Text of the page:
New study suggests that those who fear of not been able to keep up with their friends, therefore, and consequently missing some fun are more likely to use Facebook or Twitter as compared to others who don’t have the same fear.
Experts believe that, through social media, people were able to keep up-to-date with each other’s each movement like never before. This becomes an obsession, which might lead to “fear of missing out” (FoMO). A new study now has the way to measure the concept of FoMO.
The study that is about to be published in the journal Computers in Human Behavior is the first of its kind that will delve further into investigating the fear of missing out phenomenon. FoMO got recognized about three years ago at the time wherein social media use become prevalent because of mobile phones being able to access them now.
Lead researcher and psychologist Dr. Andy Przybylski, asserted that FoMO is not new, but with more and more people using social media sites, things have change as there are more people using it than it was before.
The only issue with FoMO is how they become much involved with social media because they want to see their friends. This result for them to ignore what makes them happy.
Przybylski noted how Facebook usage was changing. It is not longer the social site that it was used to be as people can gain access from it through their mobile phone.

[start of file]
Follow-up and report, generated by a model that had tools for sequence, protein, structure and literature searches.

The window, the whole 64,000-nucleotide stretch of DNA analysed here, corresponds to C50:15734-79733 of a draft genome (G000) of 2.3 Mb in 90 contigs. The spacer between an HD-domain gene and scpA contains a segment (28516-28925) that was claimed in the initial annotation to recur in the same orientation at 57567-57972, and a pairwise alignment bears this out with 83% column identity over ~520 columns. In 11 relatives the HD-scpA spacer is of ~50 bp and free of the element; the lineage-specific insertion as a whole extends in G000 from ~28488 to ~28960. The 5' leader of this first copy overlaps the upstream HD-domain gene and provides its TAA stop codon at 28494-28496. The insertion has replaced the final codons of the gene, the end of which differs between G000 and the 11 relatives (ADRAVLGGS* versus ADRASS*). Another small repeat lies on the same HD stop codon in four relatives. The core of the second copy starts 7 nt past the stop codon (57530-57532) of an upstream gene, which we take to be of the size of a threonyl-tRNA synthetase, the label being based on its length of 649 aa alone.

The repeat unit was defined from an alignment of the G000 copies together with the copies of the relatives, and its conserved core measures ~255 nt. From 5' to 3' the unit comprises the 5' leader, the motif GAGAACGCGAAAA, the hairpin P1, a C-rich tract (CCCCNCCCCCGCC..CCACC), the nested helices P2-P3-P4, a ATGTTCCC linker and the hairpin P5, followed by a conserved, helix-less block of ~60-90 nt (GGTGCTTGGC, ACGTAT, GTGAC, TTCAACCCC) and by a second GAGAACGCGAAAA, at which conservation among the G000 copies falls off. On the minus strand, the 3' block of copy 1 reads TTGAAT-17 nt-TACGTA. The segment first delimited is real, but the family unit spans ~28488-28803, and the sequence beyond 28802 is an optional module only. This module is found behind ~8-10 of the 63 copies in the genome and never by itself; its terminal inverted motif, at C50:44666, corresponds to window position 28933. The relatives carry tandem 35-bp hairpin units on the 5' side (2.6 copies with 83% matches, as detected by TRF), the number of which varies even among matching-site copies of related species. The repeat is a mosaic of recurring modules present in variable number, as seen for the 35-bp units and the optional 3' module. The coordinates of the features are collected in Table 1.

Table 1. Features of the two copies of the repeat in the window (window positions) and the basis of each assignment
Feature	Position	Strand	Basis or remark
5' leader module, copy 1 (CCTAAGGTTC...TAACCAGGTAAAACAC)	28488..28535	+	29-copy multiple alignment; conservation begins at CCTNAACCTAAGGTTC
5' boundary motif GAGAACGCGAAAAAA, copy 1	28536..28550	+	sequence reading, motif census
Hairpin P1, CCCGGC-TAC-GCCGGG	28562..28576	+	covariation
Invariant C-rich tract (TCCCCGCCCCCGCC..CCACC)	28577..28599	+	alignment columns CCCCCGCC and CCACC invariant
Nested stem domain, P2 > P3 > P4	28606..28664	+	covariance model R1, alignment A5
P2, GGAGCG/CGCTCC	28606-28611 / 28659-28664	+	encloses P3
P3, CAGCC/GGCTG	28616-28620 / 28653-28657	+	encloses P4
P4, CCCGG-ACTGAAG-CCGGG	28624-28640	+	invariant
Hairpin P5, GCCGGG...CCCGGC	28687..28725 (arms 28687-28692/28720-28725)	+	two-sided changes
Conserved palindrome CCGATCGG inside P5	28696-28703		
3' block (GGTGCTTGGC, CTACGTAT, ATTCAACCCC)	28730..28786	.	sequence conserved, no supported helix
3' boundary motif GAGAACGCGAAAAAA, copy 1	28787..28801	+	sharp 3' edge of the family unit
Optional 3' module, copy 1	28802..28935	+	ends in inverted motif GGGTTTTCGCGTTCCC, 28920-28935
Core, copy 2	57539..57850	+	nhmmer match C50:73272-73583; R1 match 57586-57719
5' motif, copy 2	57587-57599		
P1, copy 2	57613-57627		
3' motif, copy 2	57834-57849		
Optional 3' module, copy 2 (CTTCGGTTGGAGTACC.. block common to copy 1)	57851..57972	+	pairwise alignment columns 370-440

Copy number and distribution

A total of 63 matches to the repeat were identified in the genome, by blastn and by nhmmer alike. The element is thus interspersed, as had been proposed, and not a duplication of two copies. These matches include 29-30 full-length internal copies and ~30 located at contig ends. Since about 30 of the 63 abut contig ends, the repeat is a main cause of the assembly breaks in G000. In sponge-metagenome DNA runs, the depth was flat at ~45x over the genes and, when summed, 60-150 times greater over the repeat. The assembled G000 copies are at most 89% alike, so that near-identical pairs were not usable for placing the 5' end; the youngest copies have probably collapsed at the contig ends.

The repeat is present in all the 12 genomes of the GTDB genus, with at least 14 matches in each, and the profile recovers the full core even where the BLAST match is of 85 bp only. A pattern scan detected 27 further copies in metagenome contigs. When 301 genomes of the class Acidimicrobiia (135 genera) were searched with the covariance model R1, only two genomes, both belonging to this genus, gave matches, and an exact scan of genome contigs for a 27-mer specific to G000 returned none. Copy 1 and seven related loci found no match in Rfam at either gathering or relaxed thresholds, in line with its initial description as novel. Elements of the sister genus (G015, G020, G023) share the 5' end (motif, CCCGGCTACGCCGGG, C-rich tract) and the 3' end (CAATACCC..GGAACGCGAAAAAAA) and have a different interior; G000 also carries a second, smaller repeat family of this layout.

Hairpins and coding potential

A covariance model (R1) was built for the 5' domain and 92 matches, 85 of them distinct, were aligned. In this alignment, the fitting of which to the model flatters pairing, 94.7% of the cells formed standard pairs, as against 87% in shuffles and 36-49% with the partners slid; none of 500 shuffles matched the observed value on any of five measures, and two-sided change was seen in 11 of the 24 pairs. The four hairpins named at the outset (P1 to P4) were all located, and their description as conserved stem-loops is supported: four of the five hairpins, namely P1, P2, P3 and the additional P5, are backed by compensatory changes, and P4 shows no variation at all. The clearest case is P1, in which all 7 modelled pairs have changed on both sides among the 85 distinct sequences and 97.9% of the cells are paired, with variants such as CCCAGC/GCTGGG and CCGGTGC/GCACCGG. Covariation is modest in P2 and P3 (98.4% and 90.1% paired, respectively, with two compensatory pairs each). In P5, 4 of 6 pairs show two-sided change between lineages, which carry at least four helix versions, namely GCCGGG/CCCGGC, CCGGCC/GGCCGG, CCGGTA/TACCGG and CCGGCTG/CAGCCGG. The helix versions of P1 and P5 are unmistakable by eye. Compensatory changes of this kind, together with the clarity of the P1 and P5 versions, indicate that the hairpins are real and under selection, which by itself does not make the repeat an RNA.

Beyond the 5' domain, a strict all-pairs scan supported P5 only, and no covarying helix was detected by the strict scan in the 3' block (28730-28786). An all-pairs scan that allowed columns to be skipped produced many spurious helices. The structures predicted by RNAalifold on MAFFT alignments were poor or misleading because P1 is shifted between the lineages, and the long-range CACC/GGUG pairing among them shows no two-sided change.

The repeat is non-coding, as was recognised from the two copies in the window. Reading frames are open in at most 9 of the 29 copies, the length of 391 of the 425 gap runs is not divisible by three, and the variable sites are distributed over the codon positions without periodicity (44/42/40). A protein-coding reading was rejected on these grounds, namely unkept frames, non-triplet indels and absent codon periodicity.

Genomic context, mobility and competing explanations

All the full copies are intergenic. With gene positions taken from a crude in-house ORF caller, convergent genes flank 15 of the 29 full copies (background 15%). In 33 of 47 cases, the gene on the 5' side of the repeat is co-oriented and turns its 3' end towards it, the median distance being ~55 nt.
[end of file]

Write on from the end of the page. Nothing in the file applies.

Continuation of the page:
The research team formulates a way of how they measure an individual’s level of FoMO.
What researchers found out is that people under the age of 30 were more affected than others from FoMO. For this group, social media is a necessity rather than just something that they want.
Przybylski noted that when a “psychological needs were deprived”, these individuals will turn to the use of social media. This explains how individuals feel more attached and why some people use social media more than others.
The discovery leads for researchers to come into conclusion high level of fear of missing out were more likely to give into the temptation of composing and to check text messages and e-mails while driving. These are the same people who were easily distracted during University sessions and more mixed feelings about their social media use.